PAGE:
Young people facing the prospect of sleeping rough in Glasgow can now have temporary shelter in residents’ spare rooms. Launched by the Simon Community Scotland (SCS) the initiative offers a maximum of three nights' accommodation, over three weeks, during which the young people will be given intensive support, reports Scottish Housing News. To date the scheme, known as Nightstop, has trained four volunteer hosts, with three more being trained, but the plan is to recruit far more.


Free cuts

An Edinburgh police box that was transformed into a barbershop for homeless men, in Leith, now also offers haircuts to homeless women, reports The London Economic. The blue box is fitted with electricity and running water and provides toiletries, tea and biscuits. It’s open on the last Saturday of every month.


Tap chuggers

Social enterprise TAP London is aiming to provide homeless people with work as charity fundraisers on the streets of London. Employees are provided with a box that takes contactless payment, with the current charge being £3, £2 of which goes towards the salary of the fundraiser, while the remaining money is split between two charities. Fundraisers are paid the London living wage, currently £9.75 an hour, and are paid regardless of how many contributions they receive from the public, according to Reuters.

Co-founder Katie Whitlock is hopeful the scheme can have a positive impact as “more employment opportunities are needed. Homeless individuals are rarely given a chance to be part of their solution.”


Snoring success

Following the success of the original event, more Sleep in the Park nights are being planned for Glasgow, Aberdeen, Dundee and Edinburgh according to the Scotsman. The first sleep-out, held in Edinburgh in December, is expected to help 500 people off the streets, through the £4 million raised by 8,000 attendees.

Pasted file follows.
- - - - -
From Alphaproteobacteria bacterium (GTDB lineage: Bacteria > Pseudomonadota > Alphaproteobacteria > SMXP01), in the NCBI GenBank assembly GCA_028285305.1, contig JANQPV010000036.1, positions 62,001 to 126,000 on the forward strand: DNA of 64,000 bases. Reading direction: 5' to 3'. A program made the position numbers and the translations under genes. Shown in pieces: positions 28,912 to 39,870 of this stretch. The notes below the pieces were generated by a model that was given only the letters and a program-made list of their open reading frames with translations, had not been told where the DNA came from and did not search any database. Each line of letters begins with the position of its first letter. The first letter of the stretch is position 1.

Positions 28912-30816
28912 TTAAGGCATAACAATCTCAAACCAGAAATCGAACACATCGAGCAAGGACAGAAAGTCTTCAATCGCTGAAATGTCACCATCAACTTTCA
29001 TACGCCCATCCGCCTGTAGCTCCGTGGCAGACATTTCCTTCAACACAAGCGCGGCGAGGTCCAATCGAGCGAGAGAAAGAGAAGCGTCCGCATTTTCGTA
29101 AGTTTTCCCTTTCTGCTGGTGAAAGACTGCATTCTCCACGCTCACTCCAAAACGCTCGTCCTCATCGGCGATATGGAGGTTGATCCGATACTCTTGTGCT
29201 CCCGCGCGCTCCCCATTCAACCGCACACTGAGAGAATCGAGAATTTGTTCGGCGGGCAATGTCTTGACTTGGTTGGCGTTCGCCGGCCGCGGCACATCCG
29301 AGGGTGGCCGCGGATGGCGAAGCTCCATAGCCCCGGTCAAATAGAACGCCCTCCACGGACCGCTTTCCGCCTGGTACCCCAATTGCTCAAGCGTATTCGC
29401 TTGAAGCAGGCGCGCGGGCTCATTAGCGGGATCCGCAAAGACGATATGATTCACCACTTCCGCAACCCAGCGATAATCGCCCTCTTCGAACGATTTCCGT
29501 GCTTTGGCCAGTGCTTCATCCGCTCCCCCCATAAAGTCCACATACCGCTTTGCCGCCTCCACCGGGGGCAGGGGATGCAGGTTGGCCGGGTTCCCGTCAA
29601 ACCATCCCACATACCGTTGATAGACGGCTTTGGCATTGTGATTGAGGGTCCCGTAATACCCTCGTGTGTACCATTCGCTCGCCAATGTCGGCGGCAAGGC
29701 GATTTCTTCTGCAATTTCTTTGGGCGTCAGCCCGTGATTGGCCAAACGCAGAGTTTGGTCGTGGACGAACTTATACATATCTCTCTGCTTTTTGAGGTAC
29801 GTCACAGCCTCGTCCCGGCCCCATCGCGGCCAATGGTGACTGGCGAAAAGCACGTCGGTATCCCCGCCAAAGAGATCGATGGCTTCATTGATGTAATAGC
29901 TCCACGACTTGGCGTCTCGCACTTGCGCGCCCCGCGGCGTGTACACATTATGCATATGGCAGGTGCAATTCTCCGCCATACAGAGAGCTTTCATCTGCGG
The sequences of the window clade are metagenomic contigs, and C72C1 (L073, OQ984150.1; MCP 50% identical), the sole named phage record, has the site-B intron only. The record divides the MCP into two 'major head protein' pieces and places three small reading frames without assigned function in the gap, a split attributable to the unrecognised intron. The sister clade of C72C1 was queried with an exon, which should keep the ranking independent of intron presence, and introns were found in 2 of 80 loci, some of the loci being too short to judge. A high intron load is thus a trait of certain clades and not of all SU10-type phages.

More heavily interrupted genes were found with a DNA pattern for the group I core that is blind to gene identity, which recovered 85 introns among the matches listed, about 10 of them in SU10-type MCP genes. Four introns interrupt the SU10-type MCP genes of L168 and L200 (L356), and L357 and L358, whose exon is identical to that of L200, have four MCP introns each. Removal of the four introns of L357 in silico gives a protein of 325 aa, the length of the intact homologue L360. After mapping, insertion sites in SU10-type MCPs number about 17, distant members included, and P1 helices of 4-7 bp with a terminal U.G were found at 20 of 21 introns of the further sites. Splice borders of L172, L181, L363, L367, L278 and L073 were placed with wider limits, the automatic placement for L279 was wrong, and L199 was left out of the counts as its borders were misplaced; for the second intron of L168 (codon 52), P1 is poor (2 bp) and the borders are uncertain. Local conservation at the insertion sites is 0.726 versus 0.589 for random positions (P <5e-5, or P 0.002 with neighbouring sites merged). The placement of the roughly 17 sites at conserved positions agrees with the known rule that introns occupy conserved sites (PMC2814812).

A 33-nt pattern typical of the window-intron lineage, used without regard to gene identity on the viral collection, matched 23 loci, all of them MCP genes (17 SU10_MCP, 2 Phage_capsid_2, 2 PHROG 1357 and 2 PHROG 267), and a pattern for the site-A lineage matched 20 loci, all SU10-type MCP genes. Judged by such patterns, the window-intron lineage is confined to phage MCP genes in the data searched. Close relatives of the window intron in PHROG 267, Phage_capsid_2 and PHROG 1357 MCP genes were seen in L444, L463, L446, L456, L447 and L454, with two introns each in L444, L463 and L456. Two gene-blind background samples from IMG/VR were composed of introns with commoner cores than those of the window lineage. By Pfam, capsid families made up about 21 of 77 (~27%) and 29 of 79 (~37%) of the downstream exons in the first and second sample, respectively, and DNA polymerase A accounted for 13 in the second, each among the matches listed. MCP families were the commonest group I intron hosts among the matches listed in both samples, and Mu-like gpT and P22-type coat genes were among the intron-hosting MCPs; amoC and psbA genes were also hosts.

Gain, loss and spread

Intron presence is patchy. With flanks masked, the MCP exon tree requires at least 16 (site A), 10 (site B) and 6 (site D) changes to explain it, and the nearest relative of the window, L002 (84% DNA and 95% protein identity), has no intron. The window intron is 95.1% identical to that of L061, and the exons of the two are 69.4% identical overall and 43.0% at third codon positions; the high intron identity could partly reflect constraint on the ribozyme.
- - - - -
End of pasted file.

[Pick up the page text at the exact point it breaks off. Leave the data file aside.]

Love not money

A meeting hosted by Love Southampton saw 70 delegates from groups based in the city, discuss how to improve the conditions of the increasing numbers of homeless people in the city. Staff from local businesses and politicians of all parties discussed ways to ease the plight of a growing number of Southampton’s population, with closer links between charities discussed at length. Also discussed was the need for more accommodation across the city, reports the Daily Echo. “We hope that this leads to collaborative working and creative solutions for the good of all in our city," said organiser Paul Wood. Practical advice on the website explains to the public why people beg, but recommends not giving spare change. uk/housing/


Rental challenge

A new report by the London School of Economics recommends the government better support social landlords and councils to expand and improve private renting. Private Renting: can social landlords help? uses evidence from 20 social landlords, four local authorities, three housing charities and a number of private landlord organisations.

“One of the most contradictory developments in private renting lies in the growth in buy-to-let tenancies on council estates. Many councils no longer have enough accommodation for homeless families that they are obliged to help, so they house them in private lettings in former right-to-buy properties on large social housing estates. Around 40 per cent of all right-to-buy properties are now re-let privately. This poses major challenges for housing management; it drives up Housing Benefit bills, and it causes maintenance problems on flatted estates. At the moment, there are no proposals to tackle this new form of problematic private renting in England. But the Scottish government has abolished the right- to-buy, and the Welsh Government is proposing to do likewise,” says the report.


Tuck in